Graphene quantum dots created at Rice Univ. grab onto graphene platelets like barnacles attach themselves to the hull of a boat. But these dots enhance the properties of the mothership, making them better than platinum catalysts for certain reactions within fuel cells.
The Rice laboratory of chemist James Tour created dots known as GQDs from coal last year and have now combined these nanoscale dots with microscopic sheets of graphene to create a hybrid that could greatly cut the cost of generating energy with fuel cells.
The research is the subject of a new paper in ACS Nano.
The laboratory discovered boiling down a solution of GQDs and graphene oxide sheets (exfoliated from common graphite) combined them into self-assembling nanoscale platelets that could then be treated with nitrogen and boron. The hybrid material combined the advantages of each component: an abundance of edges where chemical reactions take place and excellent conductivity between GQDs provided by the graphene base. The boron and nitrogen collectively add more catalytically active sites to the material than either element would add alone.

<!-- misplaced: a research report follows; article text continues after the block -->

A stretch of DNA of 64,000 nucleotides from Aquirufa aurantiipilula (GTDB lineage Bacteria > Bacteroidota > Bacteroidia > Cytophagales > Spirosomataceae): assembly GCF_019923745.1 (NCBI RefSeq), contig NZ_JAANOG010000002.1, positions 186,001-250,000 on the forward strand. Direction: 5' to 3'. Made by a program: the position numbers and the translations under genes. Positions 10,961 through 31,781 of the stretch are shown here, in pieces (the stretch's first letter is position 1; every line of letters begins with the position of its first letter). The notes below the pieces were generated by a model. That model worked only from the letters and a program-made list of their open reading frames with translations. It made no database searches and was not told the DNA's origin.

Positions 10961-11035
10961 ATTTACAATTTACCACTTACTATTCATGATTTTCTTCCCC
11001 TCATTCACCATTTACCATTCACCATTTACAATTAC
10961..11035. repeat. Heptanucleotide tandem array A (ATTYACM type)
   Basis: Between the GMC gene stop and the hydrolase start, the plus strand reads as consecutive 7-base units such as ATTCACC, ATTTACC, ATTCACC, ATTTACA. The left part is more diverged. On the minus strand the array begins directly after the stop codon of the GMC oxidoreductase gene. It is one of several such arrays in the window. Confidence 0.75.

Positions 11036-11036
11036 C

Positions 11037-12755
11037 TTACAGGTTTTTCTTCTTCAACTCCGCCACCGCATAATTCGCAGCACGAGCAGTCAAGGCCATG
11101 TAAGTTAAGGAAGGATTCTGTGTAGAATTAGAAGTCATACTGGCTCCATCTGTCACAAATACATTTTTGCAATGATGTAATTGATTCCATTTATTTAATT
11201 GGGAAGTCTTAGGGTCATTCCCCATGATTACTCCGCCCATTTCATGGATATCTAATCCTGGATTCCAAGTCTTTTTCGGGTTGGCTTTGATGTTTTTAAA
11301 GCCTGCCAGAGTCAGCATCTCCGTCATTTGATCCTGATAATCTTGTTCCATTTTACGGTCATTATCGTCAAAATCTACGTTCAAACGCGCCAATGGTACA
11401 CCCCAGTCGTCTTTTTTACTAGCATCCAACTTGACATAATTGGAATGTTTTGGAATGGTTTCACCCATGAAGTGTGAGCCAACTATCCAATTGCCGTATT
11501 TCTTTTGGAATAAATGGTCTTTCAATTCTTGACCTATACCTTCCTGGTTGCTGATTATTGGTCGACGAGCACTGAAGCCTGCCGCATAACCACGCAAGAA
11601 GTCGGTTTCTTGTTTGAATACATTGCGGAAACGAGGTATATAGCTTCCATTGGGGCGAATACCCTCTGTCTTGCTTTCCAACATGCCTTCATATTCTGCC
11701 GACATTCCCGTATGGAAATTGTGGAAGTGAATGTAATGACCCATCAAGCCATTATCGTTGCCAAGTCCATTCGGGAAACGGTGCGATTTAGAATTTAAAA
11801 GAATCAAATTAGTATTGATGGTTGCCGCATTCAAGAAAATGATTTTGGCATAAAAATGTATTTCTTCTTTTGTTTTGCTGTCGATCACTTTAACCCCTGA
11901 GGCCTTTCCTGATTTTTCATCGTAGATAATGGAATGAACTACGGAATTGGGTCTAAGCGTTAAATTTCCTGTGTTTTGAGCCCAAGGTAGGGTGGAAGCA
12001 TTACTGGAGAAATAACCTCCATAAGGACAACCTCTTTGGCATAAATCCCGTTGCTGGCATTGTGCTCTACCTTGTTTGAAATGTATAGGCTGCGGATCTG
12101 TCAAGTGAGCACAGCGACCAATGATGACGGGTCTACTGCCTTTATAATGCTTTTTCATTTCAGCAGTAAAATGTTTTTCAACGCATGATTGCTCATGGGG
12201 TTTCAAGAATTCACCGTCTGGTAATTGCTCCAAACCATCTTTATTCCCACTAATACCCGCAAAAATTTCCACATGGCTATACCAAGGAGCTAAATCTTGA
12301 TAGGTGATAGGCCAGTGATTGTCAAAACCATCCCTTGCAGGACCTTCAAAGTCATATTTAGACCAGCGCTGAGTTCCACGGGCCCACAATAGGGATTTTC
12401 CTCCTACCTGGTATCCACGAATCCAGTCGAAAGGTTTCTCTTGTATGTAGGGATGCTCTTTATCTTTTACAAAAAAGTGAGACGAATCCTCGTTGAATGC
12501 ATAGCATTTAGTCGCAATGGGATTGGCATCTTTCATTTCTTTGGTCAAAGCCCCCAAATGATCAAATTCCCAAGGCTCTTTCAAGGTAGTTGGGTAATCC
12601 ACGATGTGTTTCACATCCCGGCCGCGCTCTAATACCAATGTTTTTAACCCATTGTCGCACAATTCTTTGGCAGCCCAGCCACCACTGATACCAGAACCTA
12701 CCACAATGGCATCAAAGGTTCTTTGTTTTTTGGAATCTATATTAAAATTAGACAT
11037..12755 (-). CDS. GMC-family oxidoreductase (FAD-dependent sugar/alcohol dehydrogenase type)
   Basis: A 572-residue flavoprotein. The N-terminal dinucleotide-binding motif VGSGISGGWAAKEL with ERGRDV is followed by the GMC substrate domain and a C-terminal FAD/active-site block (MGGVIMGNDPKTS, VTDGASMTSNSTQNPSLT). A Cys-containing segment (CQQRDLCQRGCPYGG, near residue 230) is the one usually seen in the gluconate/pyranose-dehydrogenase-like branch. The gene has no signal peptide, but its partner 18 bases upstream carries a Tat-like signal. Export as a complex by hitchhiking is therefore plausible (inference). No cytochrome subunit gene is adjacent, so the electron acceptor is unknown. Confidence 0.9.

“The GQDs add to the system an enormous amount of edge, which permits the chemistry of oxygen reduction, one of the two needed reactions for operation in a fuel cell,” Tour said. “The graphene provides the conductive matrix required. So it’s a superb hybridization.”
The Tour laboratory’s material outperformed commercial platinum/carbon hybrids commonly found in fuel cells. The material showed an oxygen reduction reaction of about 15 mV more in positive onset potential—the start of the reaction—and 70% larger current density than platinum-based catalysts.
The materials required to make the flake-like hybrids are much cheaper, too, Tour said. “The efficiency is better than platinum in terms of oxygen reduction, permitting one to sidestep the most prohibitive hurdle in fuel-cell generation—the cost of the precious metal,” he said.
Source: Rice Univ.